In one aspect, the present invention is directed to an interactive bulletin board system, comprising: a signal processor coupled to a computer communications network; a messaging board coupled to said signal processor, said messaging board providing visual indicia responsive to said signal processor; and a personal portable electronic device wirelessly coupled to said computer communications network; wherein said signal processor updates said visual indicia displayed on said messaging board in response to a message sent from said personal portable electronic device to said signal processor.

In another aspect of the present invention, said messaging board comprises a matrix of multicolored LEDs.

In another aspect of the present invention, the system further comprises a traffic panel including a first matrix of multicolored LEDS for directing motor traffic by displaying a plurality of images.

In another aspect of the present invention, said visual indicia represents information requested through the personal portable electronic device.

In another aspect of the present invention, said information is obtained from the Internet.

In another aspect of the present invention, said signal processor authenticates said personal portable electronic device before updating said visual indicia.

In another aspect of the present invention, said personal portable electronic device comprises a device selected from the group comprising a cellular phone, a wireless laptop, a handheld email browser, an MP3 player and a digital camera.

In another aspect of the present invention, the system further comprises a camera coupled to said signal processor, wherein said visual indicia comprises images provided by said camera.

In another aspect of the present invention, said signal processor responds to messages sent from more than one personal portable electronic device.

In another aspect of the present invention, said signal processor responds sequentially to messages received from more than one personal portable electronic device.

In another aspect of the present invention, said signal processor responds to messages received from only a single personal portable electronic device until an ending condition is met.

In another aspect, the present invention is directed to a method of displaying visual indicia on a public display, the method comprising: a processor receiving a message via a computer communications network from a personal portable electronic device wirelessly coupled to said computer communications network; and the processor updating visual indicia displayed on said display in response to said message.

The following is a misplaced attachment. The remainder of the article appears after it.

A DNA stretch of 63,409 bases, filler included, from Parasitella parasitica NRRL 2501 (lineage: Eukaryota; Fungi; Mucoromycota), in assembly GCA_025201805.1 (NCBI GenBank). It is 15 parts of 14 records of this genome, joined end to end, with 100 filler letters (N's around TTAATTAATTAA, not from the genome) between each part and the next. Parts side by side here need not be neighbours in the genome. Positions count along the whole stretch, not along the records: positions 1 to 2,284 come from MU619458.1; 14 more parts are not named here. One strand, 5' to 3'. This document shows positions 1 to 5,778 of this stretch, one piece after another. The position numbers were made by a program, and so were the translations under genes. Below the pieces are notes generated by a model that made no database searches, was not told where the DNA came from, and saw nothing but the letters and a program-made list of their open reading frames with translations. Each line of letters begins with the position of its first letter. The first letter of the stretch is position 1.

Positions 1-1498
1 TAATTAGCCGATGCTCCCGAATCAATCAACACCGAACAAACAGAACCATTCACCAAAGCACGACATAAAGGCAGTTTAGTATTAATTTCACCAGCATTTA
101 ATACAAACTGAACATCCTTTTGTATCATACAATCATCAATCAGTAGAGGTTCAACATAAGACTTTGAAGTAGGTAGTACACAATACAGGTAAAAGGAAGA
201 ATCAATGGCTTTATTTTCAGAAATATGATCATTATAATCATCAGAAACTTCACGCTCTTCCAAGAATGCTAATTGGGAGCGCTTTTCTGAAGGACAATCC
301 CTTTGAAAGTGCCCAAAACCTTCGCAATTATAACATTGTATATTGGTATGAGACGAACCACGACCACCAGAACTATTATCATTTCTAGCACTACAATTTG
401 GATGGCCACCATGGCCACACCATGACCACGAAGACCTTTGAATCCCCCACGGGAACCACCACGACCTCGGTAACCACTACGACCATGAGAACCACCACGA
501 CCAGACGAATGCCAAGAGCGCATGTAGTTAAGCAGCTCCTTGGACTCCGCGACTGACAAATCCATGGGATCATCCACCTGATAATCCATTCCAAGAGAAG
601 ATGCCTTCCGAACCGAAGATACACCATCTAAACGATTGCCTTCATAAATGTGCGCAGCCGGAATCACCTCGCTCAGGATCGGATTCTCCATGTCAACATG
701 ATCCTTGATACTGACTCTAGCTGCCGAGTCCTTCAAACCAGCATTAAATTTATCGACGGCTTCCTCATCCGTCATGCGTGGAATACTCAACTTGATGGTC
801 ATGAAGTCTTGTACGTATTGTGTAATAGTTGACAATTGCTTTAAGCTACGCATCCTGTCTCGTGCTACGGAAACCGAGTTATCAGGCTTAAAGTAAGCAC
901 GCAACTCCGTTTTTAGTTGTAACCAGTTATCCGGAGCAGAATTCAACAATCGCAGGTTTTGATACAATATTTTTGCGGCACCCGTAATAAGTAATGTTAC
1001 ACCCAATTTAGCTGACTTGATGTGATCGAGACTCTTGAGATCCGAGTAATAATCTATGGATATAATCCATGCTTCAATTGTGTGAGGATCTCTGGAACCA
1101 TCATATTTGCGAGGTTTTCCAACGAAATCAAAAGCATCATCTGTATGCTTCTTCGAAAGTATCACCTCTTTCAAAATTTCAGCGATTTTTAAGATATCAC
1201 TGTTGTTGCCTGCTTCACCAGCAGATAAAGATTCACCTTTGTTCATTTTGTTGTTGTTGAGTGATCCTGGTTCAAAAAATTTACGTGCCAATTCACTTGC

In another aspect of the present invention, the method further comprises authenticating said personal portable electronic device.

In another aspect of the present invention, the method further comprises the processor queuing messages received from said computer communications network.

In another aspect of the present invention, the method further comprises sending information to said personal portable electronic device in response to said message.

In another aspect of the present invention, said information is one or more selected from the group comprising a digital image, a series of digitized images and digitized audio.

In another aspect of the present invention, said message is one or more selected from the group comprising a text message and an email.

In another aspect of the present invention, the method further comprises sending information to a web server.

In another aspect of the present invention, said information is one or more selected from the group comprising a digital image, a series of digitized images and digitized audio.

In another aspect of the present invention, the method further comprises the processor updating visual indicia in response to one or more messages received only from a single personal portable electronic device.

In another aspect of the present invention, the method further comprises the processor updating said visual indicia in response to a queued message sent from a second personal portable electronic device after an ending condition is met.

BRIEF DESCRIPTION OF THE DRAWINGS

FIG. 1 shows an LED traffic light according to an embodiment of the present invention;

FIG. 2 is a block diagram of an LED control apparatus according to an embodiment of the present invention;

FIGS. 3A, 3B and 3C show primary LED traffic panel schemes according to an embodiment of the present invention;

FIG. 4 shows another embodiment of LED traffic light according to the present invention;

FIG. 5 is a schematic diagram that illustrates an embodiment of the invention for additional uses of a messaging board; and

FIG. 6 is a flow chart that illustrates an method for interacting with a messaging board.

DETAILED DESCRIPTION OF PREFERRED EMBODIMENTS